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The Independent struggle

Indie films don’t always get to theatres, as they are unable to resist generous offers from Internet giants like Netflix

A few days after the recently concluded BAFTA Awards, an actor friend and I were at the BAFTA headquarters, quaffing a beaker full of the warm South, and discussing which of the films we had voted for had won, or not. One of the films we differed on centred on our mode of watching. He had watched it as a full-on IMAX experience, and I had seen it off a screener, and our experiences were vastly dissimilar. This led to what is now becoming an almost daily discussion about modes of distribution.

Last month, at the Sundance Film Festival, Amazon and Netflix rode into Park City, Utah, with deep pockets, and scored most of the buzz titles, except one. The Oscar nominations had just been announced and as well documented in these pages and elsewhere, were overwhelmingly white. Nate Parker’s labour of love, The Birth of a Nation, that focusses on an 1831 slave rebellion in Virginia, that he wrote, directed, produced and acted in, received a standing ovation at its premiere. Then the bidding war began and continued until dawn. When the dust settled, it emerged that the $10-million budgeted film had been acquired by Fox Searchlight for $17.5 million, the most lucrative deal in Sundance history.

Astoundingly, later reports suggest that Parker had turned down a $20 million offer from Netflix, with other rumours hinting that the global digital giant was willing to go up to $25 million. Parker’s decision to go with the lower offer is possibly linked to a desire to be considered for awards kudos, for which a theatrical release is essential, and also that general audiences watch the film as a cinema experience. While watching it on smaller screens provides for an intimate experience for the viewer, nothing can quite beat the thrill of watching images unfold on a big screen along with a roomful of strangers.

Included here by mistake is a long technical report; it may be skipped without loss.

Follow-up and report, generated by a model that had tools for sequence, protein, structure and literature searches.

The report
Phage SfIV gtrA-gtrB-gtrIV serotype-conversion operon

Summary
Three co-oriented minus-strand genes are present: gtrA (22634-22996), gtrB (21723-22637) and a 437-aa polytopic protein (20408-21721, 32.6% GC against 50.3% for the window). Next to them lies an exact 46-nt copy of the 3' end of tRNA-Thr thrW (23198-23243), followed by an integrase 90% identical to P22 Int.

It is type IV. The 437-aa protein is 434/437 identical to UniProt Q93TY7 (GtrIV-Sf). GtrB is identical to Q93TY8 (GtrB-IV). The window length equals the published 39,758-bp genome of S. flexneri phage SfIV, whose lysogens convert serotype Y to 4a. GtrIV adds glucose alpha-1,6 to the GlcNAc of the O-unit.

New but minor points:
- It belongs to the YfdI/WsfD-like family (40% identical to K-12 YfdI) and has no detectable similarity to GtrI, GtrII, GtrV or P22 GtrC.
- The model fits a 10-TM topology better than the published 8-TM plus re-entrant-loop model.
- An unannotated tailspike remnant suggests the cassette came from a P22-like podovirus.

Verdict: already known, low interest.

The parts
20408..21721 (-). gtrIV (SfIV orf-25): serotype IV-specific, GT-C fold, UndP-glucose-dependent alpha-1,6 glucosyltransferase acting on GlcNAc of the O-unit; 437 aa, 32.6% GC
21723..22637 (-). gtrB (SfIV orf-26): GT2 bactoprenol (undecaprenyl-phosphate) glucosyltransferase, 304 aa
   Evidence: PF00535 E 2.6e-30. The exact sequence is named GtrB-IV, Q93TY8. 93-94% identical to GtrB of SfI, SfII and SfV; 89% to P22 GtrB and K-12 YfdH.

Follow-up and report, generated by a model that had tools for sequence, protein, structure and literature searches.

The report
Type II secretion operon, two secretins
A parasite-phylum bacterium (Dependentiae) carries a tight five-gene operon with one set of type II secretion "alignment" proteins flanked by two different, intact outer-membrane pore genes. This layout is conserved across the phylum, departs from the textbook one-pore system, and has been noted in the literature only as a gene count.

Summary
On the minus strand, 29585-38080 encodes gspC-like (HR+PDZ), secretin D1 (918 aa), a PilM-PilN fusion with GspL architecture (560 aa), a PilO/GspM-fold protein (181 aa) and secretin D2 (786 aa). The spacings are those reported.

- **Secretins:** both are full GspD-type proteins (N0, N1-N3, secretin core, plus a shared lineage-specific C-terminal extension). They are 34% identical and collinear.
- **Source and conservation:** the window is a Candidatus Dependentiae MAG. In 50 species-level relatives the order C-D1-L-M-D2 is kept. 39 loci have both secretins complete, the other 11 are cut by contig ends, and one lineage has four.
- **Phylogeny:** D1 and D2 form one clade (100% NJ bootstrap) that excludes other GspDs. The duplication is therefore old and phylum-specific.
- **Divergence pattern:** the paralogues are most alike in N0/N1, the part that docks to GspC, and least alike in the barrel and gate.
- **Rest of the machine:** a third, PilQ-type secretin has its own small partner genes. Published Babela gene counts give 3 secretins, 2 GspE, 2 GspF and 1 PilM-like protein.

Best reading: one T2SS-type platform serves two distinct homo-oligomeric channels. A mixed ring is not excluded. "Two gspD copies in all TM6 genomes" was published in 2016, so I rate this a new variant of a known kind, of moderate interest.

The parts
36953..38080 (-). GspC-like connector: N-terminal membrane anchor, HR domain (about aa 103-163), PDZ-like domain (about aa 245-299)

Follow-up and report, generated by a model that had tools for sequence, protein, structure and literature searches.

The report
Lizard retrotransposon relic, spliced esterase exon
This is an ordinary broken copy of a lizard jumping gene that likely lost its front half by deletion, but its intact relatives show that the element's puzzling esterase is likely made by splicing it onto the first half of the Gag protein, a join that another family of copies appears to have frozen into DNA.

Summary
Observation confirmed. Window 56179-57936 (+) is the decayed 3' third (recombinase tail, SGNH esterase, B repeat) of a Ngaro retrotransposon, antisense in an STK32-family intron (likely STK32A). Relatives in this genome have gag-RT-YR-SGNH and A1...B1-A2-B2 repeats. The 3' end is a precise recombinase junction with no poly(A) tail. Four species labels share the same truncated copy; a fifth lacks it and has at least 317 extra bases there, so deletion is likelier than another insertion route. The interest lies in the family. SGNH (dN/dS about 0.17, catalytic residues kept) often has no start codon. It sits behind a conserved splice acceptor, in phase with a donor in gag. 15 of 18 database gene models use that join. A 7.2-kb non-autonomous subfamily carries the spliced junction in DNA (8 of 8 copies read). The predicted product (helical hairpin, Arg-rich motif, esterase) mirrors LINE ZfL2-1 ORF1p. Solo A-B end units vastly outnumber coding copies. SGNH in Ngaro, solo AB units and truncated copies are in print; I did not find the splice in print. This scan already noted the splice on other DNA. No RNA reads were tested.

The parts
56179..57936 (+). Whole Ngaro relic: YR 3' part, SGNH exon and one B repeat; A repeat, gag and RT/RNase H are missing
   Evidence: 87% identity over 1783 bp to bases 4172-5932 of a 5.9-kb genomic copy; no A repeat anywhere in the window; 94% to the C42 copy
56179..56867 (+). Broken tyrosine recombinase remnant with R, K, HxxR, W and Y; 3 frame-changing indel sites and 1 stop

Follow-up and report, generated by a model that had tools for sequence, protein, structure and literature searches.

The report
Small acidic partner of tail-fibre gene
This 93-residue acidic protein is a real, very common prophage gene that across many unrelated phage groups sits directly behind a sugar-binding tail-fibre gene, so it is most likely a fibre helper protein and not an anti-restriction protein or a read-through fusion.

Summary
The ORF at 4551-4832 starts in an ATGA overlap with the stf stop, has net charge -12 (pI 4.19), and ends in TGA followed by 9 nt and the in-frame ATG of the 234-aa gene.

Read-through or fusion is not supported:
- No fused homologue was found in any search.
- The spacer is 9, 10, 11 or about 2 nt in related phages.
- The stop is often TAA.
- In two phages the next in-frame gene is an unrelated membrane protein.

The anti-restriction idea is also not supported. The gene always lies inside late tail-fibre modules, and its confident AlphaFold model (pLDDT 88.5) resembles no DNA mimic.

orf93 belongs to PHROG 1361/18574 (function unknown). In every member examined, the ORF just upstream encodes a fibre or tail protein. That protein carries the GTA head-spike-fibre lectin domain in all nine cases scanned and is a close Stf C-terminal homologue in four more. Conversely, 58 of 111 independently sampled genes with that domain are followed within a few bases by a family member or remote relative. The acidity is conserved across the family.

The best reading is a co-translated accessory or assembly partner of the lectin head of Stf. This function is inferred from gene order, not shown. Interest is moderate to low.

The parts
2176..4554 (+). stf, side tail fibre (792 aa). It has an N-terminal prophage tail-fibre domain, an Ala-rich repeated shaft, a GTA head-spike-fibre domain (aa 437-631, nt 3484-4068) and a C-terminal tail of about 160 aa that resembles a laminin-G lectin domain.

That said, the reality for independent films is something quite different. Typically, if an indie gets selected for an A-list festival like Sundance or Cannes, it finds a sales agent soon enough. And then begins a long process of secondary festival runs and the hunt to find a buyer. This is a process that can take years. The film is drip-fed, territory by territory, finding theatrical release in some and television sales in others, with tertiary sales including home video, satellite, airline etc. And even with all of these, the producer may not recover the budget. Also, independent films, with some obvious exceptions, just do not generate the kind of box office that commercial films do.

So, when a player like Netflix or Amazon comes along with a generous offer, and the promise of your dream project being available in hundreds of countries globally simultaneously, the kudos of a theatrical release pales in comparison.

A happy compromise can be achieved as in the case of Cary Fukunaga’s Beasts of No Nation, a $6-million film acquired by Netflix for $12 million. After its festival run, the film had a limited theatrical release alongside its Netflix premiere. Now, that is a dream come true.

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Printable version | Mar 29, 2020 9:13:45 PM | https://www.thehindu.com/features/cinema/indie-films-dont-always-get-to-theatres/article8289539.ece

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